Blogging

BlogRush Joins The Deadpool

BlogRush has announced that they have decided to close their doors. BlogRush was a service that enabled bloggers to share traffic with each other by displaying a widget on their blog that showcased headlines from other blogs writing about the same subjects. Back in 2007 when the service was first launched, it spread amongst the blogging world like wildfire. In fact, I remember seeing a ton of blogs jumping on board to display the widget to cash in on the promises of extra traffic.

I reviewed the service on September 17th 2007 on my personal site (BlogRush What Is This New Buzzword) and then followed up that post describing my actual experience with using the service (Is The BlogRush Over With). Basically, I explained how I didn’t see a rush of traffic as the service promised and thus, I tossed it in the can only after five days of use.

John Reese who is the founder of BlogRush notes a few of the issues which caused the closure:

BlogRush didn’t grow without its fair share of problems — from security issues to abusive users trying to ‘game’ the system to much lower click-rates than expected. We also had some problems with trying to fairly control the quality of the network, and in the process made many mistakes in deciding what blogs should stay or go. All of these issues, ultimately, limited the service’s full potential.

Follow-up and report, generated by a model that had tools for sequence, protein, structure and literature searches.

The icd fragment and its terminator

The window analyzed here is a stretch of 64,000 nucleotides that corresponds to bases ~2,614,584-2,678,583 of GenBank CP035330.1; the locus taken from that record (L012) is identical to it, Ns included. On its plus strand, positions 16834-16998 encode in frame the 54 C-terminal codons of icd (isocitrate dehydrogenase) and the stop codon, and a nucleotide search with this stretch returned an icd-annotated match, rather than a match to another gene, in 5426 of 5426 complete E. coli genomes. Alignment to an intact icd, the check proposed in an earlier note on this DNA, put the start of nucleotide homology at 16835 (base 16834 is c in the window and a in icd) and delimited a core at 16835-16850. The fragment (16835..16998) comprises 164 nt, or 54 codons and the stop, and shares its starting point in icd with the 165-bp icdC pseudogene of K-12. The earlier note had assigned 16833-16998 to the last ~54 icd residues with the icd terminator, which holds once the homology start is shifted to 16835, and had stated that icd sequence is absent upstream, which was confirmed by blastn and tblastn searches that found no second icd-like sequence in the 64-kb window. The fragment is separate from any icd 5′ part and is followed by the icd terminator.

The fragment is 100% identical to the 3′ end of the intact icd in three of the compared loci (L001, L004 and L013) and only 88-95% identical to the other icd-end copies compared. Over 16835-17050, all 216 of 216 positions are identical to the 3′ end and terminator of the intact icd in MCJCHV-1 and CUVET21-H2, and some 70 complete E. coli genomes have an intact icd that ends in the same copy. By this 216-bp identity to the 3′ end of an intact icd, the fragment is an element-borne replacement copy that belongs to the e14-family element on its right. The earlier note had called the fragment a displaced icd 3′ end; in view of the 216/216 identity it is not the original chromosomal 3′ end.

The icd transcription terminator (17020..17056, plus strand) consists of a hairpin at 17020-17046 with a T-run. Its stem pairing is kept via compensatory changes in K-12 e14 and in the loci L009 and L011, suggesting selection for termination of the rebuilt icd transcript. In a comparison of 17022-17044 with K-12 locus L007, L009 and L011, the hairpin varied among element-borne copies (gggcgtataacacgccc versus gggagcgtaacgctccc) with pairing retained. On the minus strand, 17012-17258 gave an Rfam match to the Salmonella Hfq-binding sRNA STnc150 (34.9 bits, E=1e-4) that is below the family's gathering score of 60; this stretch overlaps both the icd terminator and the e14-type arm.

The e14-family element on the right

However, it is impressive that BlogRush served 3.4 billion blog post headlines through its widget during the first year.

In my personal opinion, BlogRush was setup in such a way that only the big blogs who had high traffic levels to begin with were the only ones who benefited from displaying the widget on their site. Other services with a similar idea as BlogRush have come and gone, such as CLIQ.

Lets face it, no one is ever going to get a large amount of traffic simply by displaying a widget tied to a service. It takes good quality content to drive traffic and this rule of thumb will never change.

Did you use BlogRush? If so, tell us about your experience in the comments.

Author: jeffc

8 thoughts on “BlogRush Joins The Deadpool

  1. I just remember to check if Blogrush still exists and lol it was down. So this is a fail project of marketing expert John Reese? I still remember how JR made the hype words on the newsletter, it concludes that Marketing = BS.

  2. I submitted 2 blogs to them. Both were rejected right away.
    So I went elsewhere. The Blog Catalog community is much
    more friendly. It has not been a great loss.
    Carma can be so sweet sometimes.

  3. I haven’t tried it, but I remember when it came out. I’m not surprised that it is closing its doors, but I can’t fault the scope or the idea. It’s always good for people to try new things (or is it new people try old things) because we cannot truly predict success or failure until we try.

  4. Like the others, I tried Blog Rush when it first appeared. Carefully checking my log files, I think I got about three visitors from BR over a several week period. I concluded it wasn’t worth my time, especially when I watched numerous big-name bloggers drop BR from their sites.